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Railways aren't bulletproof but must be resilient, warns ORR

The rail regulator has told Network Rail to compile climate resilience plans for all its routes by September, Construction News has learned, in the week storms led to collapsed railway lines and forced services to a standstill.

Speaking to Construction News, Office of Rail Regulation director of railway performance Alan Price said the operator already had a “very good” plan for the Western region and had been told to publish plans for its remaining regions within seven months.

As part of the western regional plan, a list of priority projects has been drawn up which includes a job worth between £6.5m and £13.4m to install a higher track slab and improvements to a bridge and culvert to cut flooding, damage and closure time at Cowley Bridge Junction between Tiverton and Exeter.

Mr Price said: “The government is not funding them to make a bulletproof railway but we do want it to be more resilient.”

EC Harris head of infrastructure Mat Riley said there needed to be much longer-term strategic planning around weather-related events as they become more common, and that it should be taken into account when making infrastructure spending decisions.

He said it was difficult for highways, utilities and rail organisations to deal with climate mitigation against a background of funding cuts, a drive for efficiency and political pressure to reduce bills for consumers.

Few contractors had spotted the opportunity to win work by advising clients on how to strengthen their projects against severe weather, he added.

“I am not sure many will have thought about this as a market opportunity. They will do it on a reactive basis but are they set up to help them plan for these eventualities? One or two are, but they are isolated examples.”

Skanska executive vice president Bill Hocking said the weather resilience of the UK’s transport infrastructure should be reviewed.

He said: “I think there has to be a root and branch review of transport infrastructure resilience over the long term and that should lead to significant investment.”

Storms have battered the West and South of England and parts of Wales, Yorkshire and Cambridgeshire. Transport secretary Patrick McLoughlin will now review the resilience of the transport network for extreme weather events and report by the summer.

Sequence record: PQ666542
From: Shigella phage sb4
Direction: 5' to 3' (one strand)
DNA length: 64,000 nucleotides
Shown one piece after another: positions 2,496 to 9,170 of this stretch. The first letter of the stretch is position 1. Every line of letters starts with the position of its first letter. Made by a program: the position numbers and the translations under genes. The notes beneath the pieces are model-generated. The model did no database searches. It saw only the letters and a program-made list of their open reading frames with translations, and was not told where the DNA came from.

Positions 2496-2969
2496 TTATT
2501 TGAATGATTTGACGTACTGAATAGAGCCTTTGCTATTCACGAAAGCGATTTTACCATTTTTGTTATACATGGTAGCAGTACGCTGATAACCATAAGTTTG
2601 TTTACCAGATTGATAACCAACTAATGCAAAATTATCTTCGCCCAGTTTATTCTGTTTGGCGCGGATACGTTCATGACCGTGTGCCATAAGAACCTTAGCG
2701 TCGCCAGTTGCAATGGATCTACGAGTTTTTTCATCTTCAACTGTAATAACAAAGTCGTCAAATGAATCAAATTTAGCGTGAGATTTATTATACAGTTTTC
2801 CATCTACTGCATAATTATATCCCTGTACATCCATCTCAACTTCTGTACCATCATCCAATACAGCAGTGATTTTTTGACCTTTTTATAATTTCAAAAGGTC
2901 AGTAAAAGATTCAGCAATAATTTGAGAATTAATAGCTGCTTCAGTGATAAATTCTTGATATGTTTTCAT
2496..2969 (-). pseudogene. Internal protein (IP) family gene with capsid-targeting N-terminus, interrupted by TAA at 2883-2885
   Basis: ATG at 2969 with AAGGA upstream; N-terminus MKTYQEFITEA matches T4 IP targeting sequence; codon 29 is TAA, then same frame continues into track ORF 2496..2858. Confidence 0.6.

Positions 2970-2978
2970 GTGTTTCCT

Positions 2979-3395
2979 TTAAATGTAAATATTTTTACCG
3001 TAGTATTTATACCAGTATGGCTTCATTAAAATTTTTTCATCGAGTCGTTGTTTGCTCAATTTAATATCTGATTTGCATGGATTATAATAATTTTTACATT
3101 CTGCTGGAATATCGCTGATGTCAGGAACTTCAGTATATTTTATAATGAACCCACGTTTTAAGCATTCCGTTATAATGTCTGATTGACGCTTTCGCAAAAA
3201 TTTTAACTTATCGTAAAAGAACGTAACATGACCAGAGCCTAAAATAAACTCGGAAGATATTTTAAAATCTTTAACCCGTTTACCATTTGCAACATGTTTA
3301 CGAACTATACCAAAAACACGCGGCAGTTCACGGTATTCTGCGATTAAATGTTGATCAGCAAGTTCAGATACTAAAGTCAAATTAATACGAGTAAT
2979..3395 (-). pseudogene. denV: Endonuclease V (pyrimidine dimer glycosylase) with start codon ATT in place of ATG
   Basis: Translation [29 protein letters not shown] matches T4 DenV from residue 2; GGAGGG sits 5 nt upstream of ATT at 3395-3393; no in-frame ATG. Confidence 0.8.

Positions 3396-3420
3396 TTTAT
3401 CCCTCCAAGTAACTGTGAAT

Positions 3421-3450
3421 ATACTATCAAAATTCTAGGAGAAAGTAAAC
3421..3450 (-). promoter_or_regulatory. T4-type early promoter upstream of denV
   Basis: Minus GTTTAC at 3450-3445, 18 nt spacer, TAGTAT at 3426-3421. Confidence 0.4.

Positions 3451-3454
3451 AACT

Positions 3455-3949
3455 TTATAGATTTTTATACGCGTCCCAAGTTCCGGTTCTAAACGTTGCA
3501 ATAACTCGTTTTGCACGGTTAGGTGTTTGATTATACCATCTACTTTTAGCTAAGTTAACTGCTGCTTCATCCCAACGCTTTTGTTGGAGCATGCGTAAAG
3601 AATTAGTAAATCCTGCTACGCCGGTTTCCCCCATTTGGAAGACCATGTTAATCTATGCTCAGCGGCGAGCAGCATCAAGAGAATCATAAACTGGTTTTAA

WSP has said it is working on a programme where it will advise clients on how to design their projects to take account of future changes in weather patterns.

Under the programme, called Future Ready, WSP will inform clients how designs could be tailored to take account of a range of future risks, such as climate change or movement in metals or electricity prices.

Director at WSP’s environment and energy business David Symons said: “Our core focus is how we make sure the designs we provide for our clients are future-ready.”

Impact on output?

Construction economists said output in the industry could drop this quarter as severe weather delayed work.

Construction Products Association economics director Noble Francis said: “I would expect new work in the first quarter to fall compared with the fourth quarter but it should be temporary, and we must remember that it is in isolated areas where the flooding has occurred.”

Hewes & Associates founder Martin Hewes said output for the quarter was likely to be down, but could rise in 2014 as a result of extra repair work. Experian head of construction futures James Hastings said the floods were unlikely to have a significant effect.


Chartered Institute of Highways and Transportation director of policy and technical affairs Andrew Hugill said protecting networks against increasing levels of weather related damage was likely to require a “substantial increase” in the level of funding.  

“Current long-term predictions indicate that these extreme weather variations will continue and situations such as the current flood events, and the disruption caused, underline how adequate maintenance and funding of the network must be a fundamental part of UK transport policy.”

The Local Government Association, which represents England’s councils, said repairs to local roads following storms and heavy rain in 2009 and 2012 cost an estimated £400m and £338m respectively.

Contractors in the flooded areas have been helping with the highways flood relief effort carrying out work including filling and distributing sandbags and clearing fallen trees.

They include Skanska (Oxfordshire, Gloucestershire and Somerset), Amey (Hampshire and Plymouth) and Kier May Gurney (Surrey).

Network Rail has also brought in contractors to repair severe storm damage.

Bam Nuttall, Sisk and Amalgamated Construction were called in to repair the stretch of coastal railway at Dawlish badly damaged by storms, while Carillion and Osborne were among those brought in to tackle landslips.

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